Non-Compete Clauses Consultation on measures to reform post termination non-compete clauses in contracts of employment

8th December 2020 Employment

On 4 December 2020 the UK Government released a consultation paper on measures to reform post-termination restrictive covenants. The consultation follows as part of the Government’s continued response to the impact of the global COVID-19 pandemic on the UK economy. 


In 2016, under David Cameron’s Government, the BEIS published the outcome of a similar consultation into non-compete clauses. Responses fed back that restrictive covenants were “a valuable and necessary tool for employers to use to protect their business interests and do not unfairly impact on an individual’s ability to find other work” and they took no further action at that time. Since the review, the global COVID-19 pandemic has had a profound impact on the labour market and it has forced Boris Johnsons’ Government to “unleash innovation” and create the conditions for new jobs and to re-consider the reform of post-termination restrictions.

Proposal 1: Mandatory compensation

Making post-termination, non-compete clauses in contracts of employment enforceable only when the employer provides compensation for the duration of the restriction. Such an approach is common in other jurisdictions such as France, Italy and Germany. 

The Government recognises that the introduction of mandatory compensation may lead to a reduction in litigation, as employees may be less likely to breach clauses if they are being compensated. Furthermore, the Government recognises that introducing mandatory compensation for non-compete clauses could give rise to greater use of ‘gardening leave’ and other indirect restraints, such as forfeiture provisions being used, which result in employees losing deferred stock or cash incentives in the event that they join a competitor.

As an addition to mandatory compensation, the Government states that it is also considering complementary measures. The first would be to enhance transparency where non-compete clauses are used, and to place statutory limits on the length of non-compete clauses. Currently in the UK, the length of a non-compete clause should be reasonable and no longer than necessary. Introducing a specified maximum period would have the advantage of certainty and would prevent businesses using non-compete clauses that are unreasonable in length. However, the requirement to provide compensation for the period could also act as a disincentive for employers to apply non-compete clauses for long periods, as it would carry additional cost.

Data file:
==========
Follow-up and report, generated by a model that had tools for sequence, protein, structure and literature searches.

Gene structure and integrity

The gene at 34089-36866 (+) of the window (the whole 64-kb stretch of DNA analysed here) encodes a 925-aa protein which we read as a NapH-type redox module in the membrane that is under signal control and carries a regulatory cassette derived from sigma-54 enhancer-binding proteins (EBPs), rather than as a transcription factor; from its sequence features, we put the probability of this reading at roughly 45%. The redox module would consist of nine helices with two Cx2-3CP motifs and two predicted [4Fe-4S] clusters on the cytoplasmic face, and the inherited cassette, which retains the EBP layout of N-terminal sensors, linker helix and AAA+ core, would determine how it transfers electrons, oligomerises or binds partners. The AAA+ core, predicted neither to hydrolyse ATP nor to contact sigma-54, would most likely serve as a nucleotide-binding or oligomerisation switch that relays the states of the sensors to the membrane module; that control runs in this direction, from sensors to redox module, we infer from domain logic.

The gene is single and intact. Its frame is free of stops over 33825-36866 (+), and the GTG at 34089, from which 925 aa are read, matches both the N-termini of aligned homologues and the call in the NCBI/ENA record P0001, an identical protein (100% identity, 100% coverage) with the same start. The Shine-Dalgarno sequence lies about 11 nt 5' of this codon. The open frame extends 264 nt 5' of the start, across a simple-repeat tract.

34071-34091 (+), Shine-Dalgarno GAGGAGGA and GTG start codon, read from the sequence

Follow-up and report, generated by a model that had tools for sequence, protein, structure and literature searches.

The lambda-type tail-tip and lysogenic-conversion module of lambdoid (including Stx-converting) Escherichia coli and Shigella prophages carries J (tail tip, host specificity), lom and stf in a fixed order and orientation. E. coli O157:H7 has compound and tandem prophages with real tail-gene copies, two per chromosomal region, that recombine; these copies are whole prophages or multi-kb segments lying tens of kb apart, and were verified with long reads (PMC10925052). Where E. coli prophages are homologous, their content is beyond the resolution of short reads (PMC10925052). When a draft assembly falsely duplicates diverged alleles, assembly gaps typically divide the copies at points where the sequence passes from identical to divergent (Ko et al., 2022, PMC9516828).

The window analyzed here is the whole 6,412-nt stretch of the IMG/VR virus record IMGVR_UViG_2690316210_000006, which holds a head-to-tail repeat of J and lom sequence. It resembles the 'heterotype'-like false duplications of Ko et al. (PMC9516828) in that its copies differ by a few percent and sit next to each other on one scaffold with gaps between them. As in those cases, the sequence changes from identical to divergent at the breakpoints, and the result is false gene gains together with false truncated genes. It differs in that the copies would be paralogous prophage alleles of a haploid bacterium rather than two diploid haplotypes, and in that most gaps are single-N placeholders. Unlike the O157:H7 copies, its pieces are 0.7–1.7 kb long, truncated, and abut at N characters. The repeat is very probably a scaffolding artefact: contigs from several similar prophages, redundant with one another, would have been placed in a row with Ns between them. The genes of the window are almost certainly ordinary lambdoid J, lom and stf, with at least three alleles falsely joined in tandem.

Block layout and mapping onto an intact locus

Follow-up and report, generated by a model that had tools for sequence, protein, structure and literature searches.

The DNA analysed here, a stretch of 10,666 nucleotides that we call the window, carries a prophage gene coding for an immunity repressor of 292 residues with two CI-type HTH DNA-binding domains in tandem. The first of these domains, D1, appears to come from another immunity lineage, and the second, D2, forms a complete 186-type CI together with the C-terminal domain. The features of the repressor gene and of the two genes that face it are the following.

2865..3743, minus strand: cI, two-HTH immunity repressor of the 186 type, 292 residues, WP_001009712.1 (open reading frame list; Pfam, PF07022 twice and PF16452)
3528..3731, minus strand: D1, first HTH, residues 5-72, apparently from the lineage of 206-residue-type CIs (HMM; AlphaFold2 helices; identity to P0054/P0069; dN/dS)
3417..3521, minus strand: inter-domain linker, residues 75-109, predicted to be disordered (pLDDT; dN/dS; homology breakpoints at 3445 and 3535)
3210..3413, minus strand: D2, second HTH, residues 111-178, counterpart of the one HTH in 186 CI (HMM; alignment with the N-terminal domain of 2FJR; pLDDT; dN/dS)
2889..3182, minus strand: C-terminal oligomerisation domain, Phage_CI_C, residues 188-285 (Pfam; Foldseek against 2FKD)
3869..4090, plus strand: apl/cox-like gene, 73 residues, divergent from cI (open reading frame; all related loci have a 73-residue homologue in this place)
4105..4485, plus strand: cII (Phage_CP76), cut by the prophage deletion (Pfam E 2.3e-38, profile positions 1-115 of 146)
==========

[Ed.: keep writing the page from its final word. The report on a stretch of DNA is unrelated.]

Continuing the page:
The second would be requiring an employer to disclose the exact terms of the non-compete agreement to the employee in writing before they enter into the employment relationship. Failing to do so would make the clause unenforceable. This would ensure that the prospective employee is aware of the exact terms of the noncompeting when entering into an employment relationship. It would enable them to understand how such a clause would restrict their ability to start a new business or find new work after they leave allowing them to make an informed decision.

Proposal 2: Ban non-compete clauses

In the alternative, the Government considerers whether all post-termination non-compete clauses should be made unenforceable and points to the examples of the existing position in jurisdictions such as California and Israel. The paper states that a ban on post-termination, non-compete clauses in contracts of employment could have a positive effect on innovation and competition making it easier for individuals to start new businesses and enabling the diffusion of skills and ideas between companies and regions, which can in turn impact economic growth.

What does this mean for employers?

Although the focus of the consultation is on non-compete clauses, there is scope to deduce that any reform may very well extend to other forms of post termination restrictions in the future. On this basis, employers should be mindful of any significant changes to the law following the review of the consultation in February 2021. 

If you need advice or have any queries about dealing with post-termination clauses or any workplace issues, please contact Paul Chamberlain or another member of the employment team at JMW Solicitors LLP on 0345 241 5305.

This note is for general guidance only and should not be used for any other purpose. It does not constitute, and should not be relied upon as legal advice.

JMW Solicitors is a Limited Liability Partnership. The copyright in this note is owned by JMW. Any reproduction of this article should be credited to JMW. All rights reserved.

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Lauren Scott is a Trainee Solicitor located in Manchesterin our Trainee Solicitors department

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Paul Chamberlain is a Partner and Head of Department located in Manchesterin our Employment department

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